Friday, 20 September 2019

Climate Strike 2019

Holly is at the doctor's today trying to sort out her health issue so unfortunately we can't physically be involved in today's climate strike. The Extinction Rebellion Autumn uprising begins on October 7th so what with a week of climate strikes starting today and the XR campaign the next few weeks are going to see some serious eco-activism in London. 

To coincide with the uprising we plan to submit a letter before action to Viridor over the next few days. On October 8th the petition to take enforcement action on Viridor will be heard at council committee. 

Gaia Fawkes HERE are going to have a satire field day especially with the recent counter terrorism classification of XR (HERE). The leader of XR, Roger Hallam is in prison before anything has even started (HERE). Mark Avery is covering things HERE and the strikes are being supported by most environmental organisations around the globe. 

What will all this achieve? Who knows? I suspect there will be fanatical martyrs, a lot of noise, a release of frustration and despair, comradeship and new friendships, a flexing of community muscle but ultimately I suspect the main outcome will be a slow realisation of the crystallised capitalist dictatorship, the inevitability of climate breakdown, social chaos and the dangers that will bring and the powerlessness of the majority over minority rule. The bigger and more radical the environmental movement becomes the stronger the grip of the Capitalists will tighten and in turn the dark realities of Capitalism will be exposed to more and more people who will seek change .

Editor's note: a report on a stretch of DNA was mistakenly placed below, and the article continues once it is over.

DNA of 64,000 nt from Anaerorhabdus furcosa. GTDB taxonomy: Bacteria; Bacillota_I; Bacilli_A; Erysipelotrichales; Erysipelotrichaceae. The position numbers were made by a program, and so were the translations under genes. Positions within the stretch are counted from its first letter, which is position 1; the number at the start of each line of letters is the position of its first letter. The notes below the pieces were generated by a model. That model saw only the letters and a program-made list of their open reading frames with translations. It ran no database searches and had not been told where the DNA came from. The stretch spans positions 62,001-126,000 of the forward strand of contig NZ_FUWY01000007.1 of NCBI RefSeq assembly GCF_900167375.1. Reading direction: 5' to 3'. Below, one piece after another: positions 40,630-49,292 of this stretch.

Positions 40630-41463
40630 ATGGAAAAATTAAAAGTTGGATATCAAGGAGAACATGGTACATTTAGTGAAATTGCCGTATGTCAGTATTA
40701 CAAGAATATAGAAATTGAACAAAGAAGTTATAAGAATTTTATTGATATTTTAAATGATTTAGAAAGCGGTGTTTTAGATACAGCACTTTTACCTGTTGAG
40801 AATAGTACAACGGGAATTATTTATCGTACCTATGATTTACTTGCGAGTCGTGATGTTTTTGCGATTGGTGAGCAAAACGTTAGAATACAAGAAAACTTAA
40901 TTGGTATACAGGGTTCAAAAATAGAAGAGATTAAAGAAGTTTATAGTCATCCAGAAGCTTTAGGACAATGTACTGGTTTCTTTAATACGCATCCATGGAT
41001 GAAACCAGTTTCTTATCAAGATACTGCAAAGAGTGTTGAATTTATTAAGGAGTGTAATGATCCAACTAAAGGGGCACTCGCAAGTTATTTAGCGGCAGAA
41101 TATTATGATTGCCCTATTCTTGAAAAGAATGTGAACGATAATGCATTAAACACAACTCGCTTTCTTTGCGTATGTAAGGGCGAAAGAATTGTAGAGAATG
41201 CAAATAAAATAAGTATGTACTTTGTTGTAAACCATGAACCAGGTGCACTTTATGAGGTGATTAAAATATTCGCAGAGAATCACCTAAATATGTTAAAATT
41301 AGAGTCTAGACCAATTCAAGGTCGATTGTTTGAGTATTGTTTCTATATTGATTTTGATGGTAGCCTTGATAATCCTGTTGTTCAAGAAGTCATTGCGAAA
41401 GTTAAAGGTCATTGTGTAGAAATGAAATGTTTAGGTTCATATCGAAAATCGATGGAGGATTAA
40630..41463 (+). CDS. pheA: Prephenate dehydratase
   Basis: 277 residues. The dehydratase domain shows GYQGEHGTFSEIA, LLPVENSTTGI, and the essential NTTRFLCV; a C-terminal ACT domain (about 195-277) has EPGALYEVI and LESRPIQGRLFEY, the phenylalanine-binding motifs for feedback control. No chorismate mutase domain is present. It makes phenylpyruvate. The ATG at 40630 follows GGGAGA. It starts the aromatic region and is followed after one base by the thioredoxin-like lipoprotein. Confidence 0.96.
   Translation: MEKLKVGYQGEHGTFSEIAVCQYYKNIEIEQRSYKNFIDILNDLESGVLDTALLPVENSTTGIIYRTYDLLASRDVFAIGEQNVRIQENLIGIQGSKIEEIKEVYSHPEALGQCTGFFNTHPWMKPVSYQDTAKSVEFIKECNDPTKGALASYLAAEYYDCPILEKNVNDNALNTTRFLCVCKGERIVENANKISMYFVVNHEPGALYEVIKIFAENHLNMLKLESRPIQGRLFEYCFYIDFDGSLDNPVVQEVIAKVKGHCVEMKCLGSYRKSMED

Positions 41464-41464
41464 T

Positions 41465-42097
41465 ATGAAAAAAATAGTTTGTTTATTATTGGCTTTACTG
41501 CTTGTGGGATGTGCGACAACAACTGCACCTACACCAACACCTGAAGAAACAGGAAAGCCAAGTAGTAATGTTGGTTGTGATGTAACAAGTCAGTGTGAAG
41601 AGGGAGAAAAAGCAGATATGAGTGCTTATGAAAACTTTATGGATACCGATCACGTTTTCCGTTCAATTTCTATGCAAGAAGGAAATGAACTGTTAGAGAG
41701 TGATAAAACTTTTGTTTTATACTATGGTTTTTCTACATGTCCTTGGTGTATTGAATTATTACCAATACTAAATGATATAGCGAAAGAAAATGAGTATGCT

There is still a fuzzy ideology behind climate and ecological politics and very few organisations are calling out fundamental flaws in society  as the underlying cause. There's a popular notion that radical change can occur without radical changes. Comfort politics seek to advocate that simple changes and displays of emotion can make big differences rather than individual big changes and fundamental societal/political structural changes and technological advances are what make big differences.  That realisation of both the weakness of mass movement and the darkening of capitalist minority rule as humanity hurtles towards a bottle neck  should bring a more advanced and mature approach to dealing with this crisis- the requirement for complex regeneration networks to form, technological advances, the need to strike deeply into the heart of capitalist power and to develop advanced sustainable democracies. At the moment it's all a bit of fun and games. Not for much longer maybe? 

Eurotrip 2019- bits and bobs

I was trying to upload some sound recordings from Cape Kaliakra onto Soundcloud but having technical problems. Managed to upload the second Ortolan Bunting recorded at night migrating over Balgerevo (see below). Here's a few odd pics from the trip before its back to business at home.

Juvenile Levant Sparrowhawk at Cape Kaliakra

Badger on the trail camera at Cape Kaliakra 
Golden Jackal at the Cape 
Roe Deer (?) on the Cape. Quite a surprising number of mammals on the narrow headland. 
A couple of pics from the moth trapping demo I did for the Balkep volunteers 

Thursday, 19 September 2019

Eurotrip 2019: Days 30-34 Journey Back